a. Primogeniture and entail limited land ownership, so
b. What was the purpose of the Enclosure movement?
Enclosure movement forced farmers to migrate to crowded cities, but there often werent enough jobs.
c. How did this migration affect emigration to the U.S.?
Then, when Western Europe fully entered Stage 3 of the DTM (late 1800s with plenty of jobs) the U.S. no longer was a safety valve; so
fewer Western Europeans moved here.
Of course, now Europe is in Stage 4, so even fewer Europeans move here.
Undocumented Immigration
1. 7 to 20 million; depends on whom you ask.
2. What is the BCIS?
3. How do undocumented immigrants get here?
4. Read in text about the 1986 Immigration Reform and Control Act, p. 97.
5. Note intervening obstacle pictured on p. 98.
6. Role of chain migration for undocumented immigrants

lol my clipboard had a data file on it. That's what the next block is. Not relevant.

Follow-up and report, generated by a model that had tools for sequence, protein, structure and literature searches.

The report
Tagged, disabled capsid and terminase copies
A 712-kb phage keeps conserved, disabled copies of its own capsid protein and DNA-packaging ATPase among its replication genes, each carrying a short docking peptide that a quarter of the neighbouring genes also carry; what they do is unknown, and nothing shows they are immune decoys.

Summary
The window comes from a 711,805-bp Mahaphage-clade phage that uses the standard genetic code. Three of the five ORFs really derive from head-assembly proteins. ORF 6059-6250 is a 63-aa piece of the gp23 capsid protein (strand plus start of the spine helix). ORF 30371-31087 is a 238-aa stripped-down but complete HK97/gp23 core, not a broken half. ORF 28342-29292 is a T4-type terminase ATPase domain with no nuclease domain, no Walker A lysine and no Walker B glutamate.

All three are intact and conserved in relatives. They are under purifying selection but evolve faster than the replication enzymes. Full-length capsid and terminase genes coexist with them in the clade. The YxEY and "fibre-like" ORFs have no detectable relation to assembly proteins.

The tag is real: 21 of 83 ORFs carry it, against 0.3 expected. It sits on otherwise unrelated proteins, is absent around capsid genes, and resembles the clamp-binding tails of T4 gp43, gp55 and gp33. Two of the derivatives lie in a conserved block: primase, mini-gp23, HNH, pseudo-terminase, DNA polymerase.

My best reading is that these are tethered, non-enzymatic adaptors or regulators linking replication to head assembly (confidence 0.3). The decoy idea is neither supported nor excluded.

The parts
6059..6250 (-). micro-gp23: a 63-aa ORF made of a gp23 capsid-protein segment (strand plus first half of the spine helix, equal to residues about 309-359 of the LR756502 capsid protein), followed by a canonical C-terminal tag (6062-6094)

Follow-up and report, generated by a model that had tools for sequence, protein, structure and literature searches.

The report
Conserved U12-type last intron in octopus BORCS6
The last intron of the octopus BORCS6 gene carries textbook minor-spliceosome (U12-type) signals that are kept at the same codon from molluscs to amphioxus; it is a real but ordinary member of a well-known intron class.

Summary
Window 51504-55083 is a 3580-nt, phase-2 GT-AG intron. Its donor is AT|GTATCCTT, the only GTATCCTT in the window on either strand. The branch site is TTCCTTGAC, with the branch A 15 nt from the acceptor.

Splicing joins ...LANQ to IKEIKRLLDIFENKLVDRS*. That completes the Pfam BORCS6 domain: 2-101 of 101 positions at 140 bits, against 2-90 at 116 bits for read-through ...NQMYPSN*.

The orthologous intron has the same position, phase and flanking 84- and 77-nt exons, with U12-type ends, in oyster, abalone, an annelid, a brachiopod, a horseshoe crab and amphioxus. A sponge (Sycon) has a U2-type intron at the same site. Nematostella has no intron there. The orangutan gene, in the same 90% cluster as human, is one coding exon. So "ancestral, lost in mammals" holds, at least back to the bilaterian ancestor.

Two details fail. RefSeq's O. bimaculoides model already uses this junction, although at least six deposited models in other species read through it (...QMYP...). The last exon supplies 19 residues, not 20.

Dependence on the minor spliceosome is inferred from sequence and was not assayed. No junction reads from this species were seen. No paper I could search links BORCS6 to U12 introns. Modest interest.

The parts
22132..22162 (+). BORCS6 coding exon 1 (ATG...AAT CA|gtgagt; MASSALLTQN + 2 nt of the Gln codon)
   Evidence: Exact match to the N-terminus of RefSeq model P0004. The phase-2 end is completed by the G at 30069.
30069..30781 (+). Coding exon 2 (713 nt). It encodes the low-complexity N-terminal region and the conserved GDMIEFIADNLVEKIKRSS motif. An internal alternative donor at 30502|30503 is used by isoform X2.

7. Economic role taken on by undocumented immigrants

What did it do?

Obstacles
1. Quota Act in 1921 and the National Origins Act in 1924 set what quota?
2. And favored which countries?
3. Immigration Act of 1986 substituted what other kind of quota?
4. What is the current law: ______________ per country out of a global quota of _____________________.
5. Exceptions would be for whom? ______________________.
Brain drain benefits the U.S., and contrary to popular perception: Most immigrants today are LEGAL and likely followed family here (chain
migration).
Other workers:
1. guest workers
2. seasonal workers
3. time-contract workers (ex.: Chinese railroad workers)
Refugees from these countries have come to the U.S. in sizeable numbers;
1. Cubans after Castro overthrew Batista in 1959.